Non-Economic Damages in Car Accidents: Understanding the Georgia Perspective

By Kevin Patrick|October 23, 2023|Articles

Car accidents can be devastating, not only causing physical injuries but also emotional and psychological trauma. In Georgia, as in many other states, car accident victims may seek compensation for their losses. While economic damages, such as medical expenses and lost wages, are relatively straightforward to calculate, non-economic damages can be more complex to understand and quantify. In this post, we’ll explore non-economic damages in car accidents in Georgia, shedding light on how they are assessed and awarded.

What Are Non-Economic Damages?

Non-economic damages, also known as general damages, are the intangible losses that car accident victims suffer, which aren’t easily quantifiable in monetary terms. They encompass a range of emotional, physical, and psychological hardships, including:

  1. Pain and Suffering: This includes physical pain and discomfort experienced due to injuries sustained in the accident.
  2. Emotional Distress: Car accidents can lead to emotional trauma, anxiety, depression, and post-traumatic stress disorder (PTSD).
  3. Loss of Enjoyment of Life: Victims may lose the ability to participate in activities they once enjoyed, resulting in a reduced quality of life.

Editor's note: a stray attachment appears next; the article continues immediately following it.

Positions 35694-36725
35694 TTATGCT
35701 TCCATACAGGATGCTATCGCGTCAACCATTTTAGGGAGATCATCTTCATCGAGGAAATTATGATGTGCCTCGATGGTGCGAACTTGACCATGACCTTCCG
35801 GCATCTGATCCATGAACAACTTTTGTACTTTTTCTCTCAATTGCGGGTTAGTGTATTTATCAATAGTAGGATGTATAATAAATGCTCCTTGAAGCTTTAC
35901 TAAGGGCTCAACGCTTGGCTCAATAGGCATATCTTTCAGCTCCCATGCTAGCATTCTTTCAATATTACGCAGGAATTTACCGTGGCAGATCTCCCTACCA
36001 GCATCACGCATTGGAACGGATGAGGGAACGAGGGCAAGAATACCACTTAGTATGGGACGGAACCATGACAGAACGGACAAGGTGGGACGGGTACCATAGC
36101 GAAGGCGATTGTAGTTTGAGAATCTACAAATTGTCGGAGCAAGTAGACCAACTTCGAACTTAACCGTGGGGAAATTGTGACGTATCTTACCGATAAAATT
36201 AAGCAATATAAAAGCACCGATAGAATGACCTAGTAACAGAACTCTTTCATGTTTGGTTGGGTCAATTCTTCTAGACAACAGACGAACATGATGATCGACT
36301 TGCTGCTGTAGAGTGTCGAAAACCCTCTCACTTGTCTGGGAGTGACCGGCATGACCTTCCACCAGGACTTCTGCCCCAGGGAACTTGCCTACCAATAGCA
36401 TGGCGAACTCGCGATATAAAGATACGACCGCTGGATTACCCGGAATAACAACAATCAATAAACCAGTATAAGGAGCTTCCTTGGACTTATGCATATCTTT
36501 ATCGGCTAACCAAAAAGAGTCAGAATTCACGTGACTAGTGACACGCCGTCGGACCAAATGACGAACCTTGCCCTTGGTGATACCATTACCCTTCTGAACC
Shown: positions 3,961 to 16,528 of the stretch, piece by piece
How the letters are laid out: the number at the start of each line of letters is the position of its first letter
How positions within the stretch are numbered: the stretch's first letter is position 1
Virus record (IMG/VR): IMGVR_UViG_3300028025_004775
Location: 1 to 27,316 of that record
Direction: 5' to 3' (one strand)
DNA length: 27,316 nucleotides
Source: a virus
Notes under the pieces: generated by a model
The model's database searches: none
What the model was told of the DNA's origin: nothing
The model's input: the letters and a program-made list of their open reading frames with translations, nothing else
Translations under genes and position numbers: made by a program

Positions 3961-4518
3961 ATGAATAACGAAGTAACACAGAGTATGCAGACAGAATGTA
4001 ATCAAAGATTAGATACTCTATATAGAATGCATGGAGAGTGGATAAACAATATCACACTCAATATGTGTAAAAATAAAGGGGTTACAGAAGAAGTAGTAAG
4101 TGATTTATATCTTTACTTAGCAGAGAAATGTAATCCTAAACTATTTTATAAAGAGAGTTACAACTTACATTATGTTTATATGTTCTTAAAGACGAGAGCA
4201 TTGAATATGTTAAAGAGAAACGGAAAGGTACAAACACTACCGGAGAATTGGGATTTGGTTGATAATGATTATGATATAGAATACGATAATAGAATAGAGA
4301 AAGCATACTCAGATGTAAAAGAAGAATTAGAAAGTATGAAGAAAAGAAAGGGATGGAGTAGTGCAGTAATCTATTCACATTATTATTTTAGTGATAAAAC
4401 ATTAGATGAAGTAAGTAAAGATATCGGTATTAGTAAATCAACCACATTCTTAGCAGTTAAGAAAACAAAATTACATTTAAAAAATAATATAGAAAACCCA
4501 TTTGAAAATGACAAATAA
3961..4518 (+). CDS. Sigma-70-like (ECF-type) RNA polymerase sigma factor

4. Loss of Consortium: This refers to the impact of the accident on personal relationships and the ability to provide companionship and support to loved ones.
  5. Disfigurement: Serious injuries can lead to disfigurement, which can result in psychological distress and a negative impact on one’s self-esteem.

Georgia’s Approach to Non-Economic Damages

In Georgia, the assessment and award of non-economic damages in car accident cases are subject to specific regulations:

  1. No Statutory Cap: Unlike some states, Georgia does not have a statutory cap on non-economic damages. This means there is no legal limit to the amount a victim can be awarded for their pain and suffering.
  2. Jury Discretion: The assessment of non-economic damages is typically left to the discretion of the jury. The jury considers the facts of the case, the severity of injuries, and the impact on the victim’s life when determining an appropriate award.
  3. “VerdictProof” Rule: Georgia’s “verdict-proof” rule ensures that a victim must establish a strong case, providing ample evidence of pain and suffering, emotional distress, or other non-economic damages to be awarded compensation.
  4. Comparative Fault: Georgia follows a modified comparative fault rule, which means that if the victim is found to be partially at fault for the accident, their award for non-economic damages may be reduced accordingly.

Non-economic damages in car accident cases can be challenging to quantify, as they involve the emotional and psychological toll on the victim’s life. In Georgia, there are no statutory caps on such damages, and their assessment depends on the jury’s discretion. Victims seeking compensation for pain and suffering, emotional distress, or other non-economic losses must build a strong case with convincing evidence.

If you’ve been involved in a car accident in Georgia, it’s essential to consult with an experienced attorney, like Kevin, who can help you navigate the legal complexities and work to ensure you receive fair compensation for all your damages, including non-economic ones. We can be reached at (404) 566-5880 or

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